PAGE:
New York Polyphony to Perform Renaissance Pieces

Italian love songs, Renaissance melodies, and a “heretical” Psalm: these are the musical offerings of today’s chamber music group, New York Polyphony.

The quartet will perform at 4 p.m. today, July 22, in Elizabeth S. Lenna Hall as part of the Chautauqua Chamber Music Guest Artist Series. Unlike any other chamber music concert this season, the performance will be entirely vocal. While today’s program exclusively features music from the 16th century and earlier, NYP has in its repertoire a range of music styles, including more contemporary works.

The group performs a range of music, from Gregorian chants to brand-new commissioned pieces. Countertenor Geoffrey Williams said the quartet works to find connections between centuries of music.

“We’ve found that because we have a natural love for the earlier repertoire, especially sacred music and a capella singing, we’ve found a connection between the clarity and cleanliness of ancient repertoire and the way modern composers tend to write,” Williams said.

The quartet frequently commissions new music for performance. Williams said these pieces especially build connections between modern music and its ancient roots.

“So when we’re looking for composers to write new pieces for the group, we look for someone who can find parallels from the older repertoire — harmonic or melodic inspiration, similar texts — and that’s how we try to make programs work together,” Williams said.

According to Williams, these parallels do more than connect the pieces to one another — they connect them with the audience.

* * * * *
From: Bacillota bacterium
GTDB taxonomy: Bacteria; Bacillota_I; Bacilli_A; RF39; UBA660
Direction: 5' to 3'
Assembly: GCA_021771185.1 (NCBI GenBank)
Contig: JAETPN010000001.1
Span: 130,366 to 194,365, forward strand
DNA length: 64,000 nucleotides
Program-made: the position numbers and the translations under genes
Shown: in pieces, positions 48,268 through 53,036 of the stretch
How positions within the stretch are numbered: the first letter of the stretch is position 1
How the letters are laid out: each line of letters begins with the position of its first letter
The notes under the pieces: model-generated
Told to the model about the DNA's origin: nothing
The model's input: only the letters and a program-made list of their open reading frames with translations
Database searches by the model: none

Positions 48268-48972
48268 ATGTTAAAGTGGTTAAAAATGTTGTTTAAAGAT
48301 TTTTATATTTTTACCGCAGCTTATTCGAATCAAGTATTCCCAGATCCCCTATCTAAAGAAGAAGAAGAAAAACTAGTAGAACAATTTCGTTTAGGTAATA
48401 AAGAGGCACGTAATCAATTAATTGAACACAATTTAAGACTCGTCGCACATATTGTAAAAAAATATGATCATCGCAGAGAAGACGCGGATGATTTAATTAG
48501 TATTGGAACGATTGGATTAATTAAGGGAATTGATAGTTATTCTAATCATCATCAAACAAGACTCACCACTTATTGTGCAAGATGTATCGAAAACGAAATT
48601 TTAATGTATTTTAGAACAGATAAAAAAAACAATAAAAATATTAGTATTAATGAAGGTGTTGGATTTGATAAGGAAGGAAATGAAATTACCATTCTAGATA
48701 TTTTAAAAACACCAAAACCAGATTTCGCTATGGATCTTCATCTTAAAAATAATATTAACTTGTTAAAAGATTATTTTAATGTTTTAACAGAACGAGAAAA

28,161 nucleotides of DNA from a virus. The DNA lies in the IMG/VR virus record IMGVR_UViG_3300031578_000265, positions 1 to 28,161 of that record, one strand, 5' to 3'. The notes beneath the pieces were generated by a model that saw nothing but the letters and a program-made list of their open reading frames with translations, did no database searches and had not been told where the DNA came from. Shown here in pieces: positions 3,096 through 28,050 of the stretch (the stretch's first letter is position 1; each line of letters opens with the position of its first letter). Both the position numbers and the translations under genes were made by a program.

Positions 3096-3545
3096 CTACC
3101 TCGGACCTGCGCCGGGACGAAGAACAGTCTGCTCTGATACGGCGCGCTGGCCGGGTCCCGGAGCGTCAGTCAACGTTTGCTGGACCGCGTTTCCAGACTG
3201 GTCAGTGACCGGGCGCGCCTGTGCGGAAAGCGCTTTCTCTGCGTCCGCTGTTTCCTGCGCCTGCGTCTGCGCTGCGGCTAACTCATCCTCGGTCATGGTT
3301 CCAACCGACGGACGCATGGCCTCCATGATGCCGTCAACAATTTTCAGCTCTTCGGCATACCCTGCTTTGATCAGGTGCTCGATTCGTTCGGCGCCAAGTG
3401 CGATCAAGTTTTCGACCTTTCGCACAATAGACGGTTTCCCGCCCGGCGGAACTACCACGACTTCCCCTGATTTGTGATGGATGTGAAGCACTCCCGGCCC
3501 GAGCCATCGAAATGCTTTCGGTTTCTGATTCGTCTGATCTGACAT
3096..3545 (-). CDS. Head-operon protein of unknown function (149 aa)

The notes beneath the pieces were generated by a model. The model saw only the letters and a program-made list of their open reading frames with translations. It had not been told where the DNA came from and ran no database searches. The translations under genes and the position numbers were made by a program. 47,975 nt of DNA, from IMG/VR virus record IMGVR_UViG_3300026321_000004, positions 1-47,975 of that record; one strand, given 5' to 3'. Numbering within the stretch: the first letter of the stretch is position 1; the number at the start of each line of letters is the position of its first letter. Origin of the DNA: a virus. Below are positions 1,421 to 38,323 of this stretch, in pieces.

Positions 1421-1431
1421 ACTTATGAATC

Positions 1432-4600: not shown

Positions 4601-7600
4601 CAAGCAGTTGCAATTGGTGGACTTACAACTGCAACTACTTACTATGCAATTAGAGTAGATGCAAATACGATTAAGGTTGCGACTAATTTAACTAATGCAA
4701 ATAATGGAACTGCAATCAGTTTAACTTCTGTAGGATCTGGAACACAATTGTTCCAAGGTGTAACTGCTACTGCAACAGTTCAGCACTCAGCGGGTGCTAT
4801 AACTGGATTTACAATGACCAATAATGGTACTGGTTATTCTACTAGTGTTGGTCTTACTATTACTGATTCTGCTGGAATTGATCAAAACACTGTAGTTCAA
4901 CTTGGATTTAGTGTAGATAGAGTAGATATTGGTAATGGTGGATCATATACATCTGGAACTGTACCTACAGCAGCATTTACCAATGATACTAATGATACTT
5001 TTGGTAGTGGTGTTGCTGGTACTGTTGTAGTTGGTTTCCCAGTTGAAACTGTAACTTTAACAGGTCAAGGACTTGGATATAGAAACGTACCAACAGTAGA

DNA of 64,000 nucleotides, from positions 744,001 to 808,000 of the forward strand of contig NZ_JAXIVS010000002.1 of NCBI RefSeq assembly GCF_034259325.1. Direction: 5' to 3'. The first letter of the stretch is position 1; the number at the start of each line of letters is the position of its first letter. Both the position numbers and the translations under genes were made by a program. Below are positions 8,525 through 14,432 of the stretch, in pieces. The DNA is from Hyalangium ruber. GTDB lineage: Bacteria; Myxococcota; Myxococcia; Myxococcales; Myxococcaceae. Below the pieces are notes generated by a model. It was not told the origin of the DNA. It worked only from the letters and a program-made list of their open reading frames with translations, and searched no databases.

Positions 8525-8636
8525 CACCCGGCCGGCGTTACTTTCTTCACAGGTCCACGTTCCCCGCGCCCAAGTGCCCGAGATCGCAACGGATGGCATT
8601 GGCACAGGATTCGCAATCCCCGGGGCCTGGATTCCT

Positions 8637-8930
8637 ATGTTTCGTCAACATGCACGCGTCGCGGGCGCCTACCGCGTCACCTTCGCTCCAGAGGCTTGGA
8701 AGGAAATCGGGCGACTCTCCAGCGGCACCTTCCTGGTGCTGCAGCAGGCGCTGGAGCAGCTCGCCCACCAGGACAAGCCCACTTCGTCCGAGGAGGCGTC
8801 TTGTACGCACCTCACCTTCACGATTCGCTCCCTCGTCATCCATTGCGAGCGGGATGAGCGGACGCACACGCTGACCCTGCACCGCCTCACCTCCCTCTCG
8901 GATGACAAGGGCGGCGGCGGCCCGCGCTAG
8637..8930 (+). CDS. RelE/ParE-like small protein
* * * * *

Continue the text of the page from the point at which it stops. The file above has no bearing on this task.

“We’re always trying to find that sort of connective tissue between centuries, so our audience has something to sink their teeth into,” Williams said.

NYP’s programs often feature ancient sacred music. While such pieces were not written with chamber music performance in mind, Williams said the pieces were designed for similarly intimate performances.

“Just because it’s largely music that was not intended for large publication — it was meant for smaller crowds and for church services — it’s still very viable chamber music,” he said.

Today’s performance features pieces from before the 1600s. Even within this timeframe, the pieces vary dramatically, Williams said.

“It’s entirely music from 1600 and before — there’s no new music in this program,” Williams said. “But it’s interesting because there’s sacred music, there’s secular music. Some of it is very light-hearted material, and some of it is very intense.”

That intensity, Williams said, begins with the opening piece: 16th-century Belgian composer Jacob Clemens’ “Tristitia obsedit me” (The sadness surrounds me), based on the final writing by the same name of 15th-century Italian priest Girolamo Savonarola. Savonarola spoke and wrote against corruption in the clergy during the tumultuous Medici reign. He wrote “Tristitia obsedit me” while awaiting execution in 1498.

“We open with a sacred piece that has a text from the very controversial priest, Savonarola,” Williams said. “He ended up being excommunicated because of his controversial writing; he was deemed a heretic. So the piece has a real sense of intensity.”

While Savonarola was executed before he could complete “Tristitia obsedit me,” the piece became one of his most widespread writings.

The program will also feature lighter pieces, including both secular and sacred music from France and Italy.

Williams said he believes that NYP, as a chamber group, has the ability to make even the oldest pieces new.

“You have the opportunity to take more risks: interpretation, dynamics and so forth,” Williams said. “It also means each performance is more spontaneous; you can come together and perform a piece that feels new every time.”
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The author Val Lick

Val Lick, this summer’s orchestra reporter, is a born-and-raised Appalachian from eastern Tennessee. She is a rising senior at the University of Tennessee in Knoxville, where she studies literature and journalism, competes in mock trial, writes for the Daily Beacon and frequently considers buzzing her hair. To contact her, look for a tall, tired-looking redhead. Or mispronounce Appalachia. She’ll find you.